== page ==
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When I hear this question, I find myself trying to provide some context first. First and foremost, I am dismayed by the fragmentation of our relatively small Amatuer Radio market by three (or more) competing technologies whose similarities outweigh their differences. This seems counter-productive.

Second, although digital modes are sometimes promoted as beng useful for emcomm, it's hard to see that digital voice is a net plus, at least until there is some kind of convergence. For emcomm, we want the broadest pool of available operators, the widest degree of interoperability, and minimal reliance on commercial infrastructure. Admittedly, some of the tools, like the optional camera that works with some Fusion radios, could be useful for damage assessment.

Third, linked repeaters may be useful in some georgraphies and for some purposes, but in an emergency, it might be counter-productive to tie up multiple repeaters that could be better utilized for parallel communications.

That said, pick the mode that your friends or other local hams are using. If your primary operating interest is ragchewing, it's hard to see how you could go wrong with any of them. I'll leave it to others to argue the technical merits of the competing technologies.

73,

Al, KN3U

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11 hours ago, KN3U said:

When I hear this question, I find myself trying to provide some context first. First and foremost, I am dismayed by the fragmentation of our relatively small Amatuer Radio market by three (or more) competing technologies whose similarities outweigh their differences. This seems counter-productive.

Second, although digital modes are sometimes promoted as beng useful for emcomm, it's hard to see that digital voice is a net plus, at least until there is some kind of convergence. For emcomm, we want the broadest pool of available operators, the widest degree of interoperability, and minimal reliance on commercial infrastructure. Admittedly, some of the tools, like the optional camera that works with some Fusion radios, could be useful for damage assessment.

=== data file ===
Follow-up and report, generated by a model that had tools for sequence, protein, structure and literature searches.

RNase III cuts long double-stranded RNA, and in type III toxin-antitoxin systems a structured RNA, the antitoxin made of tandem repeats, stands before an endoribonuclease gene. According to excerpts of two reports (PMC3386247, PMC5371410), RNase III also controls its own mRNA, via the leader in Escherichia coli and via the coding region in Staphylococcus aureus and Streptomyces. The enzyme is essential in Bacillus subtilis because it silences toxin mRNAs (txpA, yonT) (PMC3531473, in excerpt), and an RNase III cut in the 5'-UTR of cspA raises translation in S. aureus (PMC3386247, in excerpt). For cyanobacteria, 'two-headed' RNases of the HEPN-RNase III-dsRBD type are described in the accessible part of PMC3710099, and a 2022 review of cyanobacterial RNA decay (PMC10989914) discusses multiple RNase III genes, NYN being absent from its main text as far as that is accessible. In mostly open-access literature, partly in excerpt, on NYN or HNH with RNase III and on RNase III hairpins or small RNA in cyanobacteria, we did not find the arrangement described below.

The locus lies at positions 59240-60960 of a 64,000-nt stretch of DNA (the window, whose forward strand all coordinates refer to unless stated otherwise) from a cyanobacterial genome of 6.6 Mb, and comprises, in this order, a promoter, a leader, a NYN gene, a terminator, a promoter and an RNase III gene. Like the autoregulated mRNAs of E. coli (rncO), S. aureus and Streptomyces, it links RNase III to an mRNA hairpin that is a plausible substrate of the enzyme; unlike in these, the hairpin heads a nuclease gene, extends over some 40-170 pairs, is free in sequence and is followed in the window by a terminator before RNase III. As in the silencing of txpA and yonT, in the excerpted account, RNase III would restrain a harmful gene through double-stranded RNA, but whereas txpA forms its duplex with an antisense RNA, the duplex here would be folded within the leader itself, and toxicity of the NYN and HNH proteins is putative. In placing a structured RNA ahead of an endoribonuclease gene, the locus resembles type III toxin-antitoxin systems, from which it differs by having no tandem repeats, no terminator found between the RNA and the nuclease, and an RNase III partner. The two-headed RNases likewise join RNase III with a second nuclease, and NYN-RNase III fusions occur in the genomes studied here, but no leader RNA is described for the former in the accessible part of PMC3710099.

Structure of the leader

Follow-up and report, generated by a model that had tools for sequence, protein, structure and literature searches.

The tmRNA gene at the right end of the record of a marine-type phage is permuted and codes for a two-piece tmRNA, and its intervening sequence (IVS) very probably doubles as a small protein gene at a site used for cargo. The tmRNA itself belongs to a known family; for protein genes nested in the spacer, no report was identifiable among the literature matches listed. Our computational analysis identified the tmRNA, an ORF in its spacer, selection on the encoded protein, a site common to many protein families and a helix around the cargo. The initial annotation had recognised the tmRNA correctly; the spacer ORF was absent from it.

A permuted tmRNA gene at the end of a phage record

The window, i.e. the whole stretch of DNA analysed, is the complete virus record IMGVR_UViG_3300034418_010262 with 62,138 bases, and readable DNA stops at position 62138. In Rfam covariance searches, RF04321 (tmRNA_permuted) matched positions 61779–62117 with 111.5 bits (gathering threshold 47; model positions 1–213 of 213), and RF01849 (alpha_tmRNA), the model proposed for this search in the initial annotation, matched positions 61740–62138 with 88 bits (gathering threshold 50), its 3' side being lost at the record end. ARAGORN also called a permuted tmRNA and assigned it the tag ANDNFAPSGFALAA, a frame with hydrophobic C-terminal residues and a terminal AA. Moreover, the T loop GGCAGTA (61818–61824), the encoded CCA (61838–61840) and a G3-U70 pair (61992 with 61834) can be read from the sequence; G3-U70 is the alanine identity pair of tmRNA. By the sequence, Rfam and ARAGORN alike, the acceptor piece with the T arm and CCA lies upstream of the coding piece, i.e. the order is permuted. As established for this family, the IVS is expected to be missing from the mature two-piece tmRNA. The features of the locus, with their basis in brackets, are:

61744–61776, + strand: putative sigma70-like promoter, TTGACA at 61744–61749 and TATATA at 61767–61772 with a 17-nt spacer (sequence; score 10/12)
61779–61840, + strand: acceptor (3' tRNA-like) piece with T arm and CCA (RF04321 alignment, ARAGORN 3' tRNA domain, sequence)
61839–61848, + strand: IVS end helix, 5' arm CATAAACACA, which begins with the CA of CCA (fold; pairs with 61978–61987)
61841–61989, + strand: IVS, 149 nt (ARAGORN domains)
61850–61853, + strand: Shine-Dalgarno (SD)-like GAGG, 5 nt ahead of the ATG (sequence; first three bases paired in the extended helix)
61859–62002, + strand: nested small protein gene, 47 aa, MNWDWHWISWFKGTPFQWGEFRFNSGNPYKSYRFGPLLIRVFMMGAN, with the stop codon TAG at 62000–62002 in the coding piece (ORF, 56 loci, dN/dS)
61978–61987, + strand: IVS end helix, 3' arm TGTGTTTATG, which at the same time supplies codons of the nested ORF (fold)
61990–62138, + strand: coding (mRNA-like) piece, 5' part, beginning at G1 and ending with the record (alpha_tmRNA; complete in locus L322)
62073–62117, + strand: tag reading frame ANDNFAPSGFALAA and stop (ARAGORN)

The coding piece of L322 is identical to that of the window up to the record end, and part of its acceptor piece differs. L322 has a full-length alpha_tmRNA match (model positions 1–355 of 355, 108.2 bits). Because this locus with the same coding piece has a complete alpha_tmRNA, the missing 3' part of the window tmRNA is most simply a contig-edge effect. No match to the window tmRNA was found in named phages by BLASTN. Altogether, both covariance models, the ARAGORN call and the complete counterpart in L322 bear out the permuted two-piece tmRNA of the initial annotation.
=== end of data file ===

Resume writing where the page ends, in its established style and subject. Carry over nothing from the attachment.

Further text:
Third, linked repeaters may be useful in some georgraphies and for some purposes, but in an emergency, it might be counter-productive to tie up multiple repeaters that could be better utilized for parallel communications.

That said, pick the mode that your friends or other local hams are using. If your primary operating interest is ragchewing, it's hard to see how you could go wrong with any of them. I'll leave it to others to argue the technical merits of the competing technologies.

73,

Al, KN3U

I'll expand later with my own thoughts, but for now I just wanted to say about @KN3U's comment... what he said! 👍🏻

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My current choice would be DMR.

 

I love the fact DMR is open source, with inexpensive mass produced hardware.

The proprietary modes by specific manufacturers limits the scalability, and interoperability.

Recently I see lots of DMR growth, probably for these reasons.  

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I own a D-Star handheld and it works great. I just bought a Yaesu mobile that I’m going to install this weekend and get my feet wet with Fusion. I’ll let you know how it turns out. 
 

My biggest hurdle where I live, is that there are no D-Star repeaters in my area, and I have to rely on a hotspot. For QTH operations, that’s not really an issue, but when it comes to mobile operations, I either have to use a hotspot connected to the wifi on my phone, or stay in analog mode. There are a lot more Fusion repeaters in my area, so I’m going to give it a try. 

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@AE2A, I am about to promote this response to an editorial pick because it does, indeed, explain the digital voice options all so clearly. Thanks for this.

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